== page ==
The Daintree is a world heritage site but it hadn’t always been that way. Richie told us that, in 1974, Australia had a very corrupt government that wanted to knock down the rainforest and mine the whole area for gold instead. Once that ran dry, it wanted to turn the old gold mines into a cattle range. Obviously, the residents and those invested in the preservation of the rainforest didn’t want this and so they took part in a peaceful protest/blockade. Some protestors buried themselves in the soil so that just their head was sticking out and others chained themselves to trees. One man even crucified himself which shows how passionate they were about saving the rainforest. The bulldozers came to knock down the forest were ordered to either pull out the buried people or just drive over them meaning loads of people were killed. Thank goodness for the media because they got involved and caused a national uproar by publicising what had been done to these Australian citizens. This then led to international attention and then Unesco sent in researchers who granted it world heritage status. This happened in 1984 but it wasn’t until 1988 that the government accepted the world heritage status. It was granted this status as there is a species of tree in the rainforest that they had only previously seen in fossils. This led to more research which determined it to be the oldest rainforest in the world. I find that story so interesting as it shows the importance that the rainforest had to so many people that they were willing to die to protect it and that now, from their efforts, it’s protected forever.
Our next stop was to the Alexandra Range Lookout or ‘Walu Wugirriga‘ in aboriginal language. The views were amazing and you could see the Daintree river winding through the rainforest all the way to the hills by Cairns which was cool. The amount of green was just gorgeous.
The rainforest is one of the few homes of wild Cassowary birds which are the 3rd largest bird in the world after the ostrich and emu. It’s cool because the males look after the young and will focus on the offspring over everything else, including helping to look after others offspring when times get hard. The female cassowary is just a girl about town and will wander all over the rainforest to mate with as many male cassowary’s as she can. They’re really rare and apparently are crucial to the survival of the rainforest and they can eat and digest some of the trees that other animals can’t. We were lucky enough to see one during our tour!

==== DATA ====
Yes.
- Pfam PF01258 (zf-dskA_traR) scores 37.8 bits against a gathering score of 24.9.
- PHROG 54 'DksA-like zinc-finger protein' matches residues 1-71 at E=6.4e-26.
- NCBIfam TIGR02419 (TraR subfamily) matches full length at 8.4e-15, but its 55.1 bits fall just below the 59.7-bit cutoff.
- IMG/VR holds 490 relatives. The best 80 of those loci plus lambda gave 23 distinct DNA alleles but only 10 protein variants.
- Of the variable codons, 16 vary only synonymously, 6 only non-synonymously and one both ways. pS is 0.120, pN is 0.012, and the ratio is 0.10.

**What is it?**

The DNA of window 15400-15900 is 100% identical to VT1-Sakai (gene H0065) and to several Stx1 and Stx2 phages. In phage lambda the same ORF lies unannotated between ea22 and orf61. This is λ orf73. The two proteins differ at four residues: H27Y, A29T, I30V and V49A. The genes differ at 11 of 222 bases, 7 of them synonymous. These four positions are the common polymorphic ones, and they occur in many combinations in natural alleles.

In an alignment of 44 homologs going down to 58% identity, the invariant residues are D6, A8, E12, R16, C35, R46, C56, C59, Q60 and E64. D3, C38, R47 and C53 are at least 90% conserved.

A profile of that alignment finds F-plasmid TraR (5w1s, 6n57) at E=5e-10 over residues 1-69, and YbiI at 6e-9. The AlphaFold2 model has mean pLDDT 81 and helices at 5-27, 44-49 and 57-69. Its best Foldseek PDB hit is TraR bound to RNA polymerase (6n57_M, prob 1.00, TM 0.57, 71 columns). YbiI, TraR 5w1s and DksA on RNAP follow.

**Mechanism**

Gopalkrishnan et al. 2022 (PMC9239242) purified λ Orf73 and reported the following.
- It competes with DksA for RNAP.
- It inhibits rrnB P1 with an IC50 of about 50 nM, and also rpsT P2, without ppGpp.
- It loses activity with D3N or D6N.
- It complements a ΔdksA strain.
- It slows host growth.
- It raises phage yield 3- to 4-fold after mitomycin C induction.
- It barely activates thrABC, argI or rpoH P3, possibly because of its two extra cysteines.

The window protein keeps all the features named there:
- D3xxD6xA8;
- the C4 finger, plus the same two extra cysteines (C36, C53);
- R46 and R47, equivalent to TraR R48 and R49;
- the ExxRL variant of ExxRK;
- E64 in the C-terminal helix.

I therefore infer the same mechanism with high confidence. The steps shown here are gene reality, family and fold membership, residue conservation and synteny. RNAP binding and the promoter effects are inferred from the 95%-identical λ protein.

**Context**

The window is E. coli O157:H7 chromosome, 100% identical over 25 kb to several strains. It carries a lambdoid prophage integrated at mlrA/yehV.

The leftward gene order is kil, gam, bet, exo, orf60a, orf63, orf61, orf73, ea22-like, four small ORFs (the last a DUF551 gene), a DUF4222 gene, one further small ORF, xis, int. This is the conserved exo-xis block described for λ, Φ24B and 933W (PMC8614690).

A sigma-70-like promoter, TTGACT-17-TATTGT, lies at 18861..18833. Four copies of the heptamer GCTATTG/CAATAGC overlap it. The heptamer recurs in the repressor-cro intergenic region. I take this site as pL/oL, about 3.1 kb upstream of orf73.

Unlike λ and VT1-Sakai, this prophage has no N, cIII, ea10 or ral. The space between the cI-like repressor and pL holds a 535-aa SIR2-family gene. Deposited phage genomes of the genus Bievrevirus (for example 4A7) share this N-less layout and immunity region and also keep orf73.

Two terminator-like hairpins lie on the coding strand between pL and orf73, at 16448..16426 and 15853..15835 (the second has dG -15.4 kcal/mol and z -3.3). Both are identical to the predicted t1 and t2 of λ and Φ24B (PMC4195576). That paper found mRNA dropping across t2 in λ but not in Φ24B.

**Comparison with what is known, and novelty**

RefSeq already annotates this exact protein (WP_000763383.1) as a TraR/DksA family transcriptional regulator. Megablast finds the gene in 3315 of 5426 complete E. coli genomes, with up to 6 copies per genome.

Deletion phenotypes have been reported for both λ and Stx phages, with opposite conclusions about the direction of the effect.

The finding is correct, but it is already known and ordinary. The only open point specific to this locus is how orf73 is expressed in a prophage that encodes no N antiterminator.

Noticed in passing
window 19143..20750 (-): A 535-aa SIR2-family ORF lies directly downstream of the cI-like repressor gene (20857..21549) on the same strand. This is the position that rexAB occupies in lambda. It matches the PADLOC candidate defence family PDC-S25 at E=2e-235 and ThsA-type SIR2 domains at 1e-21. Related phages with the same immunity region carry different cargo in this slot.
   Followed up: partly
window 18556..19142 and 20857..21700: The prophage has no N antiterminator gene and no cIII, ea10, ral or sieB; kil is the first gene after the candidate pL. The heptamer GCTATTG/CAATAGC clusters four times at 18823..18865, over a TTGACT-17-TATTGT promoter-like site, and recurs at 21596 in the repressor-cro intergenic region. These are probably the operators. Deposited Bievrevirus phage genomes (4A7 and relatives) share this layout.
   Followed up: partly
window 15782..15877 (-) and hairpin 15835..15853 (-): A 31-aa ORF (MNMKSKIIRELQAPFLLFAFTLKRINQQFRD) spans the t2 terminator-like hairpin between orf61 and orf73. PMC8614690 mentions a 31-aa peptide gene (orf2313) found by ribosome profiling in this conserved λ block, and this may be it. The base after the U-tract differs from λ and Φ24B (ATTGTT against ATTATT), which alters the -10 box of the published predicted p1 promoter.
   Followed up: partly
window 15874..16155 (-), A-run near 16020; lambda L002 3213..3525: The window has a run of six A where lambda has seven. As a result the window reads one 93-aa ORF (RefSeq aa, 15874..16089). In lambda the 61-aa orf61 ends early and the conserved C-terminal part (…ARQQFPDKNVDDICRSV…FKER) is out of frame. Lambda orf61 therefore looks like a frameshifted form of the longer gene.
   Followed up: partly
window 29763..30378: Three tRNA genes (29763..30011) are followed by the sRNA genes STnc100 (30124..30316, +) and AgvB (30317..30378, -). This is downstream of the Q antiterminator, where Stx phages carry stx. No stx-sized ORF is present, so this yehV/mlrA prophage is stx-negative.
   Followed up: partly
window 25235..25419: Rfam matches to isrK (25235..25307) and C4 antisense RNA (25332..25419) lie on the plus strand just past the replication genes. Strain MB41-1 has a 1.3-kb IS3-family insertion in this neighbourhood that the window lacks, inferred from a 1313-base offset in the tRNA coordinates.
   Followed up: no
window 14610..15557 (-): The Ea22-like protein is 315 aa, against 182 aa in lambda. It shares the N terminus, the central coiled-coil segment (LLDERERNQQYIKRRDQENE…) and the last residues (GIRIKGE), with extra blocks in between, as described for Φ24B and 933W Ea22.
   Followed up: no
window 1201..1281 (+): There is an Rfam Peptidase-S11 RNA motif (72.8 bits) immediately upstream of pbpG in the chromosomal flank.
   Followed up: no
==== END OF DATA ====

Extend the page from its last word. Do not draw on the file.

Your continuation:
We carried on through the Jurassic forest to PK’s Jungle Village where we had our lunch. There were some big spiders here (the whole place is surrounded by jungle) and our guide told us about the difference in their webs to whether they were deadly or not (clean webs are good, hectic messy webs mean very poisonous!)
There was also a beach by PK’s which was nice and showed the Daintree Rainforest meeting the Great Barrier Reef. There was a crocodile that lived in the area so we didn’t stay too long and had to stay vigilant in case it appeared (crocs in the area have killed people!)
After lunch we headed to Emergen Creek where there was a nice swimming hole in the middle of the rainforest. The water wasn’t the warmest but wasn’t so bad if you swam around a bit. The water was really deep at the other end of the creek and there was a point on the ridge of the forest that you could climb up to and jump off. Me and Niall were only two of the four people out of the group of twenty that jumped in.
After swimming for a bit, we moved on to Emergen Beach where a couple of crocodiles are known to live. It’s mad that they live on the beach – when you already have sharks and jellyfish to worry about! For all of those reasons, we obviously didn’t go swimming and had to keep a distance from the waters edge.
The final stop of the day was for a river trip looking for crocodiles! Ray was our crocodile spotter and was really good at finding the crocodiles on the side of the river. It was really hot so they weren’t sure we’d get to see many as they tend to stay in the water to keep cool. Ray also had a dog called Duke which liked barking at the crocodiles when we saw them. It was nice as we were given a beer and packet of crisps for the crocodile cruise as well as binoculars to help us see the crocs a bit better. We ended up seeing 4 crocodiles which we were all thrilled about. It was a good little trip out on the river.
On the way back we played a game where you said what animal you wanted to be and why and then Richie would tell you loads about that animal – he knew so much! We also stopped at some lookouts (including Rex’s Lookout) on the way back to Cairns and got to see the sun starting to set.